Port Harcourt Master Plan

What is affected
Housing private
Type of violation Forced eviction
Date 01 June 2008
Region AFA [ Africa anglophone ]
Country Nigeria
Location Port Harcourt, Rivers State

Affected persons

Total 325000
Men 0
Women 0
Children 0
Proposed solution
Details NIG-OL-120109-1.pdf


Forced eviction
Housing losses
- Number of homes 500
- Total value €

Duty holder(s) /responsible party(ies)

Brief narrative

Rivers State is renowned for its natural resources, including oil and gas, which have attracted considerable international investment, extraction and, consequently, have attracted the influx of over five million workers to the state. Port Harcourt, the only city in the state, is host to upwards of 3.3 million people, 1.5 million of whom live in informal settlements referred to as the waterfronts.

The waterfronts are mostly owned by the Okrikans, but occuped by a multi-ethnic population, primarily people from other parts of the Niger Delta, who are either home owners or rent-paying tenants. The high cost of inner-city rentals and urban housing deficits has forced many of the estimate 200,000 waterfronts population into the impoverished structures and created a large underprivileged class in Port Harcourt.

The intended evictions are part of a 50 billion Naira (€223,860,000) government plan to create a new Port Harcourt. According to Governor Amaechi, To this end, the government will establish a Greater Port Harcourt City Development Authority charged with the responsibility of implementing the master plan. We have set aside N50 billion this year to fund the project. Let me assure you all, that at the end of this exercise, we will have a world class city that will be clean, green, orderly and a delight for us to live in. However, corporate interests in the waterfronts have raised suspicions about the motives for the government’s forced-eviction drive.

Specifically, Silverbird Properties, a real estate conglomerate, is expected to build an entertainment complex on lands on which the waterfront communities currently reside. In June 2008, the government of Rivers State, through the State Commissioner of Urban Development, began issuing notices to landlords throughout the entire Port Harcourt waterfront of the decision to acquire and demolish all buildings in the area. Despite a government promise to relocate and compensate victims, no such arrangement yet exists for them. The Abonnema Wharf and Njemanze waterfronts—both home to over 70,000 persons comprised of both indigenous residents and migrants—are scheduled for immediate demolition. The evictions already have been extensive.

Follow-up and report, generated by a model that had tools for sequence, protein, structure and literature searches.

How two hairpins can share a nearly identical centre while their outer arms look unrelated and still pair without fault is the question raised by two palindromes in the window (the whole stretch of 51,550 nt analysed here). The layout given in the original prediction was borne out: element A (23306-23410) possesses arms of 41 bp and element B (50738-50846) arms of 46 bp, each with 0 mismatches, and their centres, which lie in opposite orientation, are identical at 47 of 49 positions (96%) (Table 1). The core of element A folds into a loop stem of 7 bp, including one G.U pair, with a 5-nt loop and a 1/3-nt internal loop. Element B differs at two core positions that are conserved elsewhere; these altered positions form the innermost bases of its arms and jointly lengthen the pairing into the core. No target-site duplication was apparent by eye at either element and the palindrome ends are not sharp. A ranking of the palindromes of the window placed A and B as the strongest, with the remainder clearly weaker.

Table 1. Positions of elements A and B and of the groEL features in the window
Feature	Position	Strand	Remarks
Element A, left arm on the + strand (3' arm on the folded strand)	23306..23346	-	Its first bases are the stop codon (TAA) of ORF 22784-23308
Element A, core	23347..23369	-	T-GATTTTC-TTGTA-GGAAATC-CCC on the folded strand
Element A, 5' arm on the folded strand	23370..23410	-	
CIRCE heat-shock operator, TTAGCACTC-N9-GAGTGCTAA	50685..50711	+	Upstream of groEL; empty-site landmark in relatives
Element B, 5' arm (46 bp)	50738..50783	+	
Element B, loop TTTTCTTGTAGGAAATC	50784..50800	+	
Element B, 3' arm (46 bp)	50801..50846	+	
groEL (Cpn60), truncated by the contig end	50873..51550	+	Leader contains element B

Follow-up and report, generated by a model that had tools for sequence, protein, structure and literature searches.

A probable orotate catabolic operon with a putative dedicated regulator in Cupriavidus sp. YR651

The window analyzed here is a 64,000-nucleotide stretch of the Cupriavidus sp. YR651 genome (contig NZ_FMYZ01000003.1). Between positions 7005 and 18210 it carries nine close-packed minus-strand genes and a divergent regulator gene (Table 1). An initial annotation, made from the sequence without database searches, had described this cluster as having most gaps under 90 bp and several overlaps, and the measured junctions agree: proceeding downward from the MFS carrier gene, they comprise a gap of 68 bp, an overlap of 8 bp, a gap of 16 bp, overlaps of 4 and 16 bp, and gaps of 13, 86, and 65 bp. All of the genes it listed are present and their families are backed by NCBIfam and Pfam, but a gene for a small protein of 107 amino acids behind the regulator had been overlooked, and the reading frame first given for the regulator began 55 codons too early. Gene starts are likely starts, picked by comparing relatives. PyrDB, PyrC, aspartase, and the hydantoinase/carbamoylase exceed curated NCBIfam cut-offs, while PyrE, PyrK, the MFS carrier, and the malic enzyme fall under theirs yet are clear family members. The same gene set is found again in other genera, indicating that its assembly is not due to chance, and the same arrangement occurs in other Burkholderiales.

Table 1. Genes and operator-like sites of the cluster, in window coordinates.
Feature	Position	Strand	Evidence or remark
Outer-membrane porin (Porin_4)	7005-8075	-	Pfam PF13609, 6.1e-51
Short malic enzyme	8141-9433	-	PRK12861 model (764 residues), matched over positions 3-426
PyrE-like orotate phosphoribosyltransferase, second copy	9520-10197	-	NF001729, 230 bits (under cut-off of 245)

Between June and October 2008, Rivers State officials destroyed numerous buildings and made 200,000 people homeless in Port Harcourt. In December 2008, the state government has rendered approximately 125,000 homeless people with evictions on just four major streets in Port Harcourt: Bonny Street, Creek Road, Gambia Lane and Anyama Street. Most recently, the state government has planned the eviction of parts of the Port Harcourt main-city, affecting approximately 150,000 people, to make way for a “Silverbird Showtime” cinema. The government has deployed police and army to intimidate tenants, in addition to procuring a large amount of bulldozers for the demolition campaign that is now expected to affect 40% of Port Harcourt population. According to reports, the evictions and demolitions are part of a long-term government attempt to merge the waterfront areas with the city proper.

The first of such attempts took place in 1984, when the waterfronts of Ndoki, Aggrey and Abuja were upgraded into standard housing units. However, unlike recent attempts, these historical initiatives saw the inhabitants relocated back into the area after the upgrading, and most became apartment owners in the process. The success and sustainability of that earlier project relied on the tenants’ trust in the government, due to the transparency of the process. Apparently, the current process is anything but fair or transparent, however, and now constitutes a recipe for dissent and plummeting government legitimacy. The lack of government relocation has put a considerable strain on victims who are both unable to afford the soaring rents and whose livelihoods remain dependent on employment near their homes.

According to NUTN, public authorities have abandoned affected persons to seek alternative housing in other locations at the cost of their employment, their children’s education and the physical, mental and economic health of their families.

Costs €   0